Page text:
Sunday, December 16, 2007

Darfur rebels say they repulsed attacks, sabotaged oil facility

Darfur rebels say they repulsed attacks, sabotaged oil facility

KHARTOUM (AFP) - Darfur rebels of the Justice and Equality Movement (JEM) in west Sudan said on Sunday they had beaten back two attacks by government soldiers and sabotaged an oil facility. One of the main rebel movement's commanders, Abdel Aziz Nur al-Ashr, told AFP by telephone that in a clash with Khartoum's troops in the Sirba region JEM forces seized 32 vehicles and took "mumerous prisoners."

Ashr said that two JEM members were killed and six wounded in several hours of fighting northeast of the West Darfur capital of Geneina between Friday night and Saturday afternoon.

He said government forces had attacked civilians and burned their villages before clashing with the rebels.

Ashr said an army colonel was killed in the fighting, but there has been no confirmation of the incident from the Sudanese military.

The rebel movement also claimed in a statement posted on the Internet that it had repulsed a government attack in the Sarf Omra area of west Darfur and inflicted "heavy losses" on the Sudanese military.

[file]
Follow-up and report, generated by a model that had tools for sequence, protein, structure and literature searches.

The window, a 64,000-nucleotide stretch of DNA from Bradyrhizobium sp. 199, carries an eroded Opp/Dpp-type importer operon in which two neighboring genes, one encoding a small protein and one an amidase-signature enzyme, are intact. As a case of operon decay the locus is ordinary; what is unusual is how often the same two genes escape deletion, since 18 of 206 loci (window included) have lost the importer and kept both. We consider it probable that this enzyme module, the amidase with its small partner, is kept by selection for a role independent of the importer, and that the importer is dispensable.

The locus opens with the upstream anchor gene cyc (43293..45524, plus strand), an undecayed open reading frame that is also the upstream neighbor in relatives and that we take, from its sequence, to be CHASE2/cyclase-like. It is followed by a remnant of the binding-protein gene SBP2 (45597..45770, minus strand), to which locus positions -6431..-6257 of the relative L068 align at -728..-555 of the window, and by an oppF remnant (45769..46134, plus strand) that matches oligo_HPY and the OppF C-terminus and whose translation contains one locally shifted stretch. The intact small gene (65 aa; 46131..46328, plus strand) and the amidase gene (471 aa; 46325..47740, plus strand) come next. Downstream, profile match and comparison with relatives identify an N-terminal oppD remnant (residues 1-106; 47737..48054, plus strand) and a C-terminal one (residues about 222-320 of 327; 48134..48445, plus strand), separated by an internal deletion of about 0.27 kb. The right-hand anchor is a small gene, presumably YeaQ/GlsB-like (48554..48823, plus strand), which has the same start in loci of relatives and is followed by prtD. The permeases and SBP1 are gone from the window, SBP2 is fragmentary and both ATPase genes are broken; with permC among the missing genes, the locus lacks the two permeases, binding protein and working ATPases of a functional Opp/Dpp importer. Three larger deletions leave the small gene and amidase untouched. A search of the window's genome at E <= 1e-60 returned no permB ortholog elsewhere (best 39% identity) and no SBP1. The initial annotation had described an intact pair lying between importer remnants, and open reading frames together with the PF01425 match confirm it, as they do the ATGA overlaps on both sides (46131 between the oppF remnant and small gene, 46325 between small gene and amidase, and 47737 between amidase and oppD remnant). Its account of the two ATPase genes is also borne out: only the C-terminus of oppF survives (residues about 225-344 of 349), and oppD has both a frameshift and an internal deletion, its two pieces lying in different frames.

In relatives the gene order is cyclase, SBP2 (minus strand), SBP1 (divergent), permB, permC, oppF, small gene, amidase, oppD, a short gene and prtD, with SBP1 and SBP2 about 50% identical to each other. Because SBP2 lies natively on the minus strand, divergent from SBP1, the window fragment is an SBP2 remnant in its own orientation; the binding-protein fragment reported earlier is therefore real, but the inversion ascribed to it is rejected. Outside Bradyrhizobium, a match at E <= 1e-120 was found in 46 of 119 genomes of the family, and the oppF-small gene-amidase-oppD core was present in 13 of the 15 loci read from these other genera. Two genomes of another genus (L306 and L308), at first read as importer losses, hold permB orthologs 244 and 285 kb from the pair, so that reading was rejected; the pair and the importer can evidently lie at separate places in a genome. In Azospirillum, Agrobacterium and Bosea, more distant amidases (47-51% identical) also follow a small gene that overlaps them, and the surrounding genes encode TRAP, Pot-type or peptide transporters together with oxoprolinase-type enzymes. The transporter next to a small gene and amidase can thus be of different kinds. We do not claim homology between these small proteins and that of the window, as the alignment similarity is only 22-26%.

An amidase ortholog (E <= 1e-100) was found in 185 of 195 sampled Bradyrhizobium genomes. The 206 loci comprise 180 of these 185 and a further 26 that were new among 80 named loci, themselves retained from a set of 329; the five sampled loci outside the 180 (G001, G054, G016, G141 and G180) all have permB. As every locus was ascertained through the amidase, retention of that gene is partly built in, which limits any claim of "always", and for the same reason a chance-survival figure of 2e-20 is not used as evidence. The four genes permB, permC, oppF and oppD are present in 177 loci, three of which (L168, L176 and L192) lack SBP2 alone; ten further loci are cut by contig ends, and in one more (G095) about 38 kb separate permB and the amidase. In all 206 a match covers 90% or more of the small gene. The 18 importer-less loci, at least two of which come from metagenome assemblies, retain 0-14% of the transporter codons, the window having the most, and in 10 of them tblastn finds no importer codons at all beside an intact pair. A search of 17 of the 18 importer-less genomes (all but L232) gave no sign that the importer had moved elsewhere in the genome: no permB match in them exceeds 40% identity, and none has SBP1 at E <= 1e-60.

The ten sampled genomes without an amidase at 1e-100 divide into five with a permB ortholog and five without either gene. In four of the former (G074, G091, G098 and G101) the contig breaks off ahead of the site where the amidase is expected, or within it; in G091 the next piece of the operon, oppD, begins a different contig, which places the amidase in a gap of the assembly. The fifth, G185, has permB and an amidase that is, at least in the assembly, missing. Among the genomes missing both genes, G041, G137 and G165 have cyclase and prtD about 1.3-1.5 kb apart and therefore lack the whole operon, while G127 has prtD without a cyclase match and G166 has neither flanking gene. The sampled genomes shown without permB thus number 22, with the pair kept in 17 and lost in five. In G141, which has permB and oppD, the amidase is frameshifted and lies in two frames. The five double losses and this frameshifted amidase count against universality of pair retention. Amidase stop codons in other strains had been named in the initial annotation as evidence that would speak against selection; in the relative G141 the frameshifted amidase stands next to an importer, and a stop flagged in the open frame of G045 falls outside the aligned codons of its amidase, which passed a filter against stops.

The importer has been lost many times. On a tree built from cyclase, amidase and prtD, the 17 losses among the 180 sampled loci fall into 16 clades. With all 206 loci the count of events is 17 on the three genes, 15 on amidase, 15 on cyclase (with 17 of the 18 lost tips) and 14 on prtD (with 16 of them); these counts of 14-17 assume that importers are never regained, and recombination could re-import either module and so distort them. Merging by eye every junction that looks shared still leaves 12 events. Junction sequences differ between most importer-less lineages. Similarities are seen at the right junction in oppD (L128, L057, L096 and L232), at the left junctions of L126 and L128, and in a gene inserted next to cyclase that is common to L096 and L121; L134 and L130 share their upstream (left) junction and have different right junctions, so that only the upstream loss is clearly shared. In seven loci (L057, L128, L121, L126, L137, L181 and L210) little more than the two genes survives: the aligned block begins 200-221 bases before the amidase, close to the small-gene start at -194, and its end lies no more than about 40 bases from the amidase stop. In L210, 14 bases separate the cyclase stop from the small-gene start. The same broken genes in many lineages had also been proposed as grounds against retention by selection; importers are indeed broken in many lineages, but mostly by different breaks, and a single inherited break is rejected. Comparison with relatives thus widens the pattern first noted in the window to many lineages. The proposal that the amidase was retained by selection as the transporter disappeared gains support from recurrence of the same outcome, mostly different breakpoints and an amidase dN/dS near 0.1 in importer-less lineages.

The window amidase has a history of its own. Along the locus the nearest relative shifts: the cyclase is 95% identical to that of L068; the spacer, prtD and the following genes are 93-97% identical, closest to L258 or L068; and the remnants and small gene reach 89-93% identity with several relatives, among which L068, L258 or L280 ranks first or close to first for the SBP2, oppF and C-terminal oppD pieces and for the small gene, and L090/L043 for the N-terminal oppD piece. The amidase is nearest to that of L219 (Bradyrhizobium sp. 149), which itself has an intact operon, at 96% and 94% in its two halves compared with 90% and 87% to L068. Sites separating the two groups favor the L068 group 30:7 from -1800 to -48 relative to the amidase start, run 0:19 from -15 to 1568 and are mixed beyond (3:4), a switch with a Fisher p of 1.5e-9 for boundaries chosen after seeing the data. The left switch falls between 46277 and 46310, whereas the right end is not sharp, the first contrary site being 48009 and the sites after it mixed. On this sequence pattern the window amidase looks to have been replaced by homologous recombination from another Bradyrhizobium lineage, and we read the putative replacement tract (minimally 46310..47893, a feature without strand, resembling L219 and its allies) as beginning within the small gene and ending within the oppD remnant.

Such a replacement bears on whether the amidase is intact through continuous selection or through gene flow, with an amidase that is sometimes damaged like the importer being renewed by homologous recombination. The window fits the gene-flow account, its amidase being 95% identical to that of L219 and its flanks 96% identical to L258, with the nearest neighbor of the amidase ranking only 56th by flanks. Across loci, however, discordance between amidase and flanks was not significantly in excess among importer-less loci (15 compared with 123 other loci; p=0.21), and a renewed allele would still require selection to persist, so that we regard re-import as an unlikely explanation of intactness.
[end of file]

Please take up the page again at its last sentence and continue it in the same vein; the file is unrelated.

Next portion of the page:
JEM said it had attacked the Defra oil facility in south Kordofan, halting prodiction estimated at 50,000 barrels a day.

If confirmed, this would be the third assault by the rebel group against petroleum installations in Kordofan after the JEM said it would target Chinese oil firms until China ends its operations in Sudan.

China is Sudan's top oil buyer and weapons provider in a relationship that has drawn much criticism in the West.

Beijing is Khartoum's biggest foreign trade partner and has invested more than 400 million dollars in Sudan's western and largely impoverished Darfur region alone, according to Chinese figures.

But China has often been accused of failing to exert pressure on President Omar al-Beshir to stop the bloodshed in Darfur, where conflict has left at least 200,000 people dead and displaced more than two million, according to UN figures.

The conflict erupted in February 2003 when ethnic minority rebels rose up against Khartoum to demand an end to the political and economic marginalisation of their huge region the size of France.


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